Is there a single perfume press release these days that doesn’t boast of the finest ingredients, sourced all over the world, showering such a slew of epithets on each you’d think there’s been a fire sale in the adjectives department at Harrap’s? Of course, no one’s going to say “we settled for second-rate ylang because the good stuff costs a kidney” or “our rose is entirely lab-grown and we’re proud we pulled it off”. Besides, how do you tell the public what a perfume smells of if you don’t reference things that lived off photosynthesis at some point?
It’s gotten so this type of claim no longer means anything, even if it’s true, since everyone is making it. But apart from this, it has another pernicious side effect. The issue was raised by Jean-Claude Ellena in a Nov. 2013 article for the venerable Annales des Mines, a French science journal founded in 1794:
“Using a product that is difficult to obtain in a fragrance aimed at mass distribution is using this product above all for the image it conveys, for the publicity claim it offers, rather than for its smell. Using it shows poor knowledge of the trade, since it not only jeopardizes world supplies of the raw material in question, but also the production of the fragrance itself and, ultimately, it deceives clients.”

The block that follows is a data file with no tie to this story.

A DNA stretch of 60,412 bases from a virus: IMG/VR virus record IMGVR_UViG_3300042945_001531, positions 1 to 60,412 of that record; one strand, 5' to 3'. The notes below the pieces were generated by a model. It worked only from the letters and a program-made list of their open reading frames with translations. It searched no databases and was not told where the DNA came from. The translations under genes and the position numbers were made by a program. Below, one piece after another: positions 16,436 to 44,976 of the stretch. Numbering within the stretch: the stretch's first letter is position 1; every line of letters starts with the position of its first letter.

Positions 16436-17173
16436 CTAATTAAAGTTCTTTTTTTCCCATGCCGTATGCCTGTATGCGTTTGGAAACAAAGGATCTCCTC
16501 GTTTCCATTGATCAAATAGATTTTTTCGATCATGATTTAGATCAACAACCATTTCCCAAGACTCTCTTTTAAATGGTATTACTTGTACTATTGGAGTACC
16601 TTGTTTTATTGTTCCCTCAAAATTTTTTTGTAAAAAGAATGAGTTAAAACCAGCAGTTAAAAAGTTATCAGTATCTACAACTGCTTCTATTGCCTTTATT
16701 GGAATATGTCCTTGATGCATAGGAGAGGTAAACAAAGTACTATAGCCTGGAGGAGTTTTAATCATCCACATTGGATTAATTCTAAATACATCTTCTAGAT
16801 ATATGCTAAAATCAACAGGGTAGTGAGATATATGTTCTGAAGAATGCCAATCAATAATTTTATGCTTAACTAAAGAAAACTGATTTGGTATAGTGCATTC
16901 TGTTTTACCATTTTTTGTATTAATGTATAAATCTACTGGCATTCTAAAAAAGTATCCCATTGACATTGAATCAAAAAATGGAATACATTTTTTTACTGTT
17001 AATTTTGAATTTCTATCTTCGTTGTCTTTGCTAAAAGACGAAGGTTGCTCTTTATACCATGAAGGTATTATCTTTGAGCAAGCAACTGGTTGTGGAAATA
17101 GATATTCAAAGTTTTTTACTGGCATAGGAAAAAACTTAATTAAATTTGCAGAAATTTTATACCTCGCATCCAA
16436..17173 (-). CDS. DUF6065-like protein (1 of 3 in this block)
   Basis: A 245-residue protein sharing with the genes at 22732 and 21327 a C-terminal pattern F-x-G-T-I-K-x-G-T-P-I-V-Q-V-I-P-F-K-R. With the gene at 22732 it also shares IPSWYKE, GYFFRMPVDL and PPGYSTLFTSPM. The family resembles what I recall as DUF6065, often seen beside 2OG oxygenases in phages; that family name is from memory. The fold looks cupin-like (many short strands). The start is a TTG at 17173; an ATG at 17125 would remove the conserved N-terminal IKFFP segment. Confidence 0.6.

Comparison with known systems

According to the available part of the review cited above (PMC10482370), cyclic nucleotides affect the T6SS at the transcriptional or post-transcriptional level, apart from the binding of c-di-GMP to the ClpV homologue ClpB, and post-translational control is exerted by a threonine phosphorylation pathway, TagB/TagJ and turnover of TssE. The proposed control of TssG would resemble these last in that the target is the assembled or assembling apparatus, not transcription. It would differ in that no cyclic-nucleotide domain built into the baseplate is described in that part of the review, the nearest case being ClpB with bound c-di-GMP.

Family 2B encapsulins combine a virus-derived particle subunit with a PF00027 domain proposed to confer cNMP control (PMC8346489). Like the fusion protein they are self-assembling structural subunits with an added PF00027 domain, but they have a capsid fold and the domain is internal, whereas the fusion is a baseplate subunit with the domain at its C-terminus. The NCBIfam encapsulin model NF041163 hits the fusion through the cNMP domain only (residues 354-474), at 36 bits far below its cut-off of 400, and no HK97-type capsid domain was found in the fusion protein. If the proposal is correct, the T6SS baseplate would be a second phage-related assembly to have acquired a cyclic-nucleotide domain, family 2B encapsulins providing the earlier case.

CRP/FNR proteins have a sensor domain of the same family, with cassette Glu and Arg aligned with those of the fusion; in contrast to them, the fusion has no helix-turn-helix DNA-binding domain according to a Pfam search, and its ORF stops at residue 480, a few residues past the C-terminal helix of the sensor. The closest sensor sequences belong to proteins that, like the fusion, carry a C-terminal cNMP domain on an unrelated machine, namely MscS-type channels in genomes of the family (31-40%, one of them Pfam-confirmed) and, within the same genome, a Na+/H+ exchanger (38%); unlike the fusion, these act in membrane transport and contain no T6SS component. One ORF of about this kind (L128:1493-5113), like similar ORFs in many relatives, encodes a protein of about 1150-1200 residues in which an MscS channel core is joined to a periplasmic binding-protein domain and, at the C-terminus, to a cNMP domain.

In other words, waving a thimbleful of osmanthus absolute over a one-ton vat of oil has no significant impact on a mainstream fragrance, but it can dry up the supply for another product where it is an essential building block, simply because those thimblefuls add up when you’re producing thousands of tons.
True, the natural ingredients branches of all the big labs are setting up sustainable sources to avoid such stock-outs. But that still doesn’t fix the other problem: using naturals when they have no significant impact on a composition, just to be able to say you’ve used them. Which seems a lot like a substitute for having an idea. In that case, since PR departments don’t have much to go on, they tend to fall back on such claims, especially since they answer current public demands for transparency and traceability.
Jean-Claude Ellena, again:
“I sometimes create a beautiful perfume at a very lost cost. Which goes to show that the emotional effect is not a function of the cost of the material used. I also sometimes create a costly perfume, because the materials needed to develop it were expensive and I couldn’t compose it differently. Therefore, cost is not the criterion that defines the quality of a fragrance. Nothing counts but the emotional effect, which is a matter of talent, and is much more than know-how.
The only right question to ask yourself when you’re done with composing a fragrance is this: ‘Could I have created this perfume at a lower cost with identical aesthetics?’ If you answer in the negative, you’ve managed to fit a square peg in a round hole!”
Illustration: Marcel Duchamp, Air de Paris (1919)